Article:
Nearly three weeks after North Korean leader Kim Jong Un's no-show at a key event sparked rumours he was seriously ill or even dead, state media published photos Saturday showing him in public.
Kim's conspicuous absence from the April 15 celebrations for the birthday of his grandfather, the North's founder, sparked feverish speculation over his health and who would replace him at the helm of the nuclear-armed country.
It is not the first time Kim has disappeared from public view. In 2014, he dropped out of sight for nearly six weeks before reappearing with a cane. Days later, South Korea's spy agency said he had undergone surgery to remove a cyst from his ankle.
Here is a look at why Kim's health has been the subject of so much conjecture.
Who is his successor?
Kim has been in power for nearly a decade and his death would have left Pyongyang facing an unplanned succession for the first time in its history.
Leadership has always been a family affair in the isolated North, dominated by the members of the "Paektu bloodline" – a Northern term for the country's founder Kim Il Sung and his descendants.
Kim's three known children are still very young and there is no designated successor as far as the world is aware.
His younger sister Yo Jong – one of his closest advisers – is widely regarded as the top contender to succeed him but the North is a highly patriarchal society where seniority and gender both carry weight.
What happens to nuclear talks?
Kim is known in the North as the Supreme Leader and his authority spans the ruling Workers' Party and the military. All major decisions require his approval.
Kim's disappearance from public view came as Pyongyang's talks with Washington over the North's nuclear arsenal are at a standstill, despite three meetings between Kim and US President Donald Trump.
If Kim were incapacitated or dead, it would have increased uncertainty over the process.
Analysts also say it could have led to a chaotic power struggle and triggered an exodus of refugees into China – something the North's diplomatic backer and main trading partner Beijing has long feared.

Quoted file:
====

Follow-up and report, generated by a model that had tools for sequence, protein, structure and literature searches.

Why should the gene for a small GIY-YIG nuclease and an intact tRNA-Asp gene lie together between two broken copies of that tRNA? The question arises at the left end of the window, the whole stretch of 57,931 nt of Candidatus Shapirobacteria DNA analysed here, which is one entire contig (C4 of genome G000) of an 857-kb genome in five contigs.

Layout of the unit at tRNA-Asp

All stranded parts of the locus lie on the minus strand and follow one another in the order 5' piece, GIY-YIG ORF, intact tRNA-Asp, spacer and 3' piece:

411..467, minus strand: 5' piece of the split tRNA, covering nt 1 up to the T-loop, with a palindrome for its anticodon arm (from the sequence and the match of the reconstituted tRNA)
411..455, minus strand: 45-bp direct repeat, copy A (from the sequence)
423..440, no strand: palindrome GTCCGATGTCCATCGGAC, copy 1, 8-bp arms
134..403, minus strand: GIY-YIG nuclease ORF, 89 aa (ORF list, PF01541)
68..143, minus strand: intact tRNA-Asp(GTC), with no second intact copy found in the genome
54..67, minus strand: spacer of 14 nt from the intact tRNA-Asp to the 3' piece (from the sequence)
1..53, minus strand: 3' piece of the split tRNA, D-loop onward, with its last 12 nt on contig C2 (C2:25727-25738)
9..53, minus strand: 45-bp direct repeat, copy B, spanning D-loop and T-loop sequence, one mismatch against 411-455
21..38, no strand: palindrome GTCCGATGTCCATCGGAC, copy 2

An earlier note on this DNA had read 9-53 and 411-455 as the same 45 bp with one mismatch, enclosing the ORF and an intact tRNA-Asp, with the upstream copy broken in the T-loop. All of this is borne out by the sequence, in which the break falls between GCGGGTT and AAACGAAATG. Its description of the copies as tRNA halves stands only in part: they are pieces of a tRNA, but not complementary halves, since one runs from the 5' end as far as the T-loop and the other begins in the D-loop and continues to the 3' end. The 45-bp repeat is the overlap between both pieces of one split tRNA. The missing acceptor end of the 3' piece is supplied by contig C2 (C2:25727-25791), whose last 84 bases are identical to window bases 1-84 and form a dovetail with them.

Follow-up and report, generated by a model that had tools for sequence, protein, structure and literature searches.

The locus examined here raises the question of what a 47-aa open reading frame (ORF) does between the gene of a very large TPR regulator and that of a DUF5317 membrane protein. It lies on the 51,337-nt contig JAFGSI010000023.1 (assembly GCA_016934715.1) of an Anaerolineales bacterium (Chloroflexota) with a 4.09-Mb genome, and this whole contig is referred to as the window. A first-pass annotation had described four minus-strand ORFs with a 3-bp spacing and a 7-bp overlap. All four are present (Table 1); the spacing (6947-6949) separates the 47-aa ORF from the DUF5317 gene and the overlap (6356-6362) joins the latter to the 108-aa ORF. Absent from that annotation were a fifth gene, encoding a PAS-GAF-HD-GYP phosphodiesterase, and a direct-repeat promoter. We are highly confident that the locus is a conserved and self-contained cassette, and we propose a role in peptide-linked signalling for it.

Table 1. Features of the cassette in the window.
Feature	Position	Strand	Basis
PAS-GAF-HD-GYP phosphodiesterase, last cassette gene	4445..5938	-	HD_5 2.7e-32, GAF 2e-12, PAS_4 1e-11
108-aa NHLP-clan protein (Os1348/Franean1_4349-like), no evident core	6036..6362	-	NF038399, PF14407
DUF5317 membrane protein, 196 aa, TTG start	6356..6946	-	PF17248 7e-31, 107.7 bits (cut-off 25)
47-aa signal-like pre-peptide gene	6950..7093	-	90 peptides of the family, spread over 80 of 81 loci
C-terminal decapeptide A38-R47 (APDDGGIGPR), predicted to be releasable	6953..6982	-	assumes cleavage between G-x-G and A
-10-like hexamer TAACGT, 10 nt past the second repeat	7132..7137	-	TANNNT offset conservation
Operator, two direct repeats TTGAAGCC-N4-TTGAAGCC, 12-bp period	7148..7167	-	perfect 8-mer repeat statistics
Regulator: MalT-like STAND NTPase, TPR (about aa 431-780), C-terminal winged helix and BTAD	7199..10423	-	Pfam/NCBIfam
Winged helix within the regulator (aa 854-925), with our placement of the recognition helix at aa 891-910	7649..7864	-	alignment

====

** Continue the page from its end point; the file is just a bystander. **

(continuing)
"Kim's personal profile, family history, and the structure of the North Korean regime make his health a major variable for the country's stability and foreign policy," Leif-Eric Easley, a professor at Ewha University in Seoul, told AFP.
Why so many rumours?
North Korea is an unusually opaque country, where even economic growth figures are treated as a state secret.
Observers and even diplomats in Pyongyang rely heavily on the closely controlled state media for hints of what is going on.
Secrecy is strictest of all around the leadership and the absence of information creates ample room for speculation to flourish unchecked.
Kim was last seen presiding over a ruling party meeting on April 11. But four days later he missed the celebrations for the birthday of his grandfather – the most important date in the North's political calendar – sparking questions over his whereabouts.
Daily NK, a South Korea-based outlet run mostly by North Korean defectors, reported Kim had undergone a cardiovascular procedure and was recovering at a villa in North Pyongan province.
Soon after CNN reported that Washington was "monitoring intelligence" that Kim was in "grave danger" after undergoing surgery, quoting an anonymous US official.
A Japanese report even said he was in a "vegetative state".
But a top security adviser to South Korea's president later told the broadcaster Kim was "alive and well". Trump also downplayed reports of Kim's poor health and possible demise.
"This incident is a reminder of how vulnerable we remain to groundless rumours about North Korea," former US government North Korea analyst Rachel Lee told AFP.
"We need more experts who can analyse North Korea using solid tradecraft."
Analysts say Kim is likely to make another public appearance in the coming days that will be reported by state media.
But an official explanation for his absence is unlikely.